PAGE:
New Zealand shares dropped to a one-week low as higher interest rates reduced demand for reliable dividends from the likes of Meridian Energy and Spark New Zealand.

The S&P/NZX 50 Index fell 217.7 points, or 2 per cent, to 10,924.88. Within the index, 36 stocks dropped, nine rose, and five were unchanged. Turnover was $176.6 million.

The local market was the worst performer across Asia-Pacific as bond yields followed US Treasuries higher. New Zealand's 10-year swap rate at 1.37 per cent has climbed almost 20 basis points this month. Low interest rates have underpinned the NZX50's high proportion of yield stocks, such as utilities and property investors, and they were among the hardest hit in today's sell-off.

Meridian led the market lower, down 5.1 per cent at $5.08 on a volume of 2.2 million shares, more than its 90-day average of 1.4 million. Spark dropped 4.8 per cent to $4.425 on a volume of 4.3 million shares, Z Energy fell 4.4 per cent to $6.30 with 1.5 million shares changing hands, Mercury NZ declined 3.8 per cent to $5.33 on a volume of one million and Contact Energy was down 3.7 per cent at $8.45 with one million shares traded.


"We've seen that dramatic drop in yields rebound a little bit and that's part of the reason why our market is getting sold off," said Peter McIntyre, an investment advisor at Craigs Investment Partners. "It suggests we are seeing a bit of offshore selling in our market."

The benchmark index is still up 24 per cent so far this year, the second-best performer behind China's CSI 300 Index which has climbed 31 per cent.

Vista Group International was the most traded stock on a volume of 4.4 million shares, almost 10 times it 446,000 average. The shares fell 3.6 per cent, or 15 cents, to $4.01. It sheds rights to a 1.2 cent interim dividend tomorrow.

Of other companies trading on volumes of more than a million shares, Air New Zealand fell 2.2 per cent to $2.70, Kiwi Property Group decreased 0.9 per cent to $1.67, Fletcher Building was up 0.6 per cent at $5, Precinct Properties New Zealand fell 1.6 per cent to $1.86, and Property For Industry was down 0.2 per cent at $2.43. Pushpay Holdings was unchanged at $3.32, Goodman Property Trust declined 1.1 per cent to $2.215, and Fisher & Paykel Healthcare dropped 2.6 per cent to $16.90.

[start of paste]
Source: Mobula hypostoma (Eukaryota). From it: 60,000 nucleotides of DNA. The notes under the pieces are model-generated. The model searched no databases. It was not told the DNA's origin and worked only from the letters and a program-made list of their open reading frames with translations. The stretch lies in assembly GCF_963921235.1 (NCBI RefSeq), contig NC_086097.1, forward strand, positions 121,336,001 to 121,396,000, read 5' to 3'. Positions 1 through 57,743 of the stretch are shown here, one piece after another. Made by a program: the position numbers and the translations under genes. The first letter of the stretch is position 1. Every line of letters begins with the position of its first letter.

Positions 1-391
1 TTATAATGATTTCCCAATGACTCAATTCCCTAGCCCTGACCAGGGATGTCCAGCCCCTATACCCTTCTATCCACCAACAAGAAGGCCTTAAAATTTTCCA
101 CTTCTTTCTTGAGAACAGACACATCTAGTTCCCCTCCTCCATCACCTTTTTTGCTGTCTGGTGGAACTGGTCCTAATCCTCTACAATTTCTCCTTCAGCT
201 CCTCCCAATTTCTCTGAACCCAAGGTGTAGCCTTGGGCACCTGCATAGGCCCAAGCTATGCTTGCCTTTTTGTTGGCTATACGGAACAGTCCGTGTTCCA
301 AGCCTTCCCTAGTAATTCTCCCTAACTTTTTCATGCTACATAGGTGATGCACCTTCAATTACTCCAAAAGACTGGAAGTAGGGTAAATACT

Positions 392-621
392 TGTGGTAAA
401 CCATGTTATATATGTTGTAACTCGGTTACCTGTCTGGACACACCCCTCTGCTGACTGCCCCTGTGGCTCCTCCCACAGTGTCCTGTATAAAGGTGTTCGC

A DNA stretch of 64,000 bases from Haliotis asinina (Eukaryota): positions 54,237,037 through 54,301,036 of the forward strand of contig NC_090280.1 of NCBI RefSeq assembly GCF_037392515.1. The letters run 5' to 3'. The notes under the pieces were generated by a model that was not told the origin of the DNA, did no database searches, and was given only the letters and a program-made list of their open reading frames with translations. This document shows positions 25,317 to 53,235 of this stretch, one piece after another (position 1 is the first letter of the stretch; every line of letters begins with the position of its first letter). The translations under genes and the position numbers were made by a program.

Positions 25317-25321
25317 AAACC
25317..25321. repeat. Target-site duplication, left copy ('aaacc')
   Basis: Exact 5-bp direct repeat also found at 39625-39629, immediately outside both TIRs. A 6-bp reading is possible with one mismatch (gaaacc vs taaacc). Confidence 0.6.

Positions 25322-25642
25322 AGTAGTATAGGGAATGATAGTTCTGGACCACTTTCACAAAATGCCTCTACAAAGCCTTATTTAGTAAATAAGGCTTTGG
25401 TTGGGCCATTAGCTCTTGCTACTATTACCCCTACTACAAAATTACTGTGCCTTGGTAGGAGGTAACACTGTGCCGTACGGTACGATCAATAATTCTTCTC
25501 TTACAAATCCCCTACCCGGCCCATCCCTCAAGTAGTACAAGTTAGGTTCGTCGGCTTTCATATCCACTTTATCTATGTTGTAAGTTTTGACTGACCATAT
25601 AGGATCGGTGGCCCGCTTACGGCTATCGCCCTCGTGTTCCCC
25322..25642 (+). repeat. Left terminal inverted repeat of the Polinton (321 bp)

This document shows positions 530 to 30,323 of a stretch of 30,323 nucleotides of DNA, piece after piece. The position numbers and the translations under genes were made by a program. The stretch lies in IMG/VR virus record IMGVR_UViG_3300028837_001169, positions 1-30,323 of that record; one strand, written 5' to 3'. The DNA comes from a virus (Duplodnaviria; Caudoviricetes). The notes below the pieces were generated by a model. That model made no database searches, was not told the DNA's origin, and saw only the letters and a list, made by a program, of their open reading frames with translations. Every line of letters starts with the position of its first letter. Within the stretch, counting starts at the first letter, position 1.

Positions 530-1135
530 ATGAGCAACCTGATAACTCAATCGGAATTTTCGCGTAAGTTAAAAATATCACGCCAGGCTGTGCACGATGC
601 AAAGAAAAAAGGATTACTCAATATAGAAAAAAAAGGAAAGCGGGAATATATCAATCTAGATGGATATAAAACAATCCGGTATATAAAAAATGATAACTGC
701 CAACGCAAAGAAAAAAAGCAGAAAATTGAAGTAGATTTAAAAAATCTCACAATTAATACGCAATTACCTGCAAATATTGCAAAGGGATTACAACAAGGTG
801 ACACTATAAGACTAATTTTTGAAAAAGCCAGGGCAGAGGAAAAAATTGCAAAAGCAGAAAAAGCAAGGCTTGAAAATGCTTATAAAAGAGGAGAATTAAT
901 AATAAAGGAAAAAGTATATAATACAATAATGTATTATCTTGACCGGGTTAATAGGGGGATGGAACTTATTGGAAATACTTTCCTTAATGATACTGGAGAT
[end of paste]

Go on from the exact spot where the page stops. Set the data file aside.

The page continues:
Vital Healthcare Property Trust was down 3.1 per cent, or 8.5 cents, at $2.70, having shed rights to a 2.19 cent dividend. Refining NZ was down 0.5 per cent, or 1 cent, at $2.12, giving up rights to a 2 cent dividend.

Synlait Milk posted the day's biggest gain, up 2 per cent at $9.64 on a volume of 217,000 shares, more than its 91,000 average. The milk processor will report its annual earnings tomorrow. A2 Milk, which counts Synlait as a supplier, fell 0.6 per cent to $14.52.

Fonterra Shareholders' Fund units fell 1.5 per cent to $3.23 after S&P Global said Fonterra can't waver in its restructuring plans if it wants to retain its 'A-' credit rating. The dairy exporter was scheduled to report earnings tomorrow, but delayed that until later this month as it works through asset writedowns with its auditor.

Tourism Holdings increased 0.2 per cent to $4.13 after Statistics New Zealand figures showed growing numbers of Australian and American visitors more than offset declining Chinese tourist numbers in July.


Outside the benchmark index, Cannasouth jumped 26 per cent to 68 cents on a volume of 1.6 million shares. The medicinal cannabis research firm got a 'please explain' note from the stock market supervisor over its rapid gains in the past week and a half, and has been trading on unusually large volumes.

Cavalier Corp rose 1.9 per cent to 27.5 cents on a volume of 2 million shares, well above its 49,000 average.

Heartland Bank's 2024 bond paying annual interest of 3.55 per cent was the most traded debt security on a volume of 1.2 million. The notes closed at a yield of 2.75 per cent, up 10 basis points. Heartland Group shares fell 1.8 per cent to $1.60.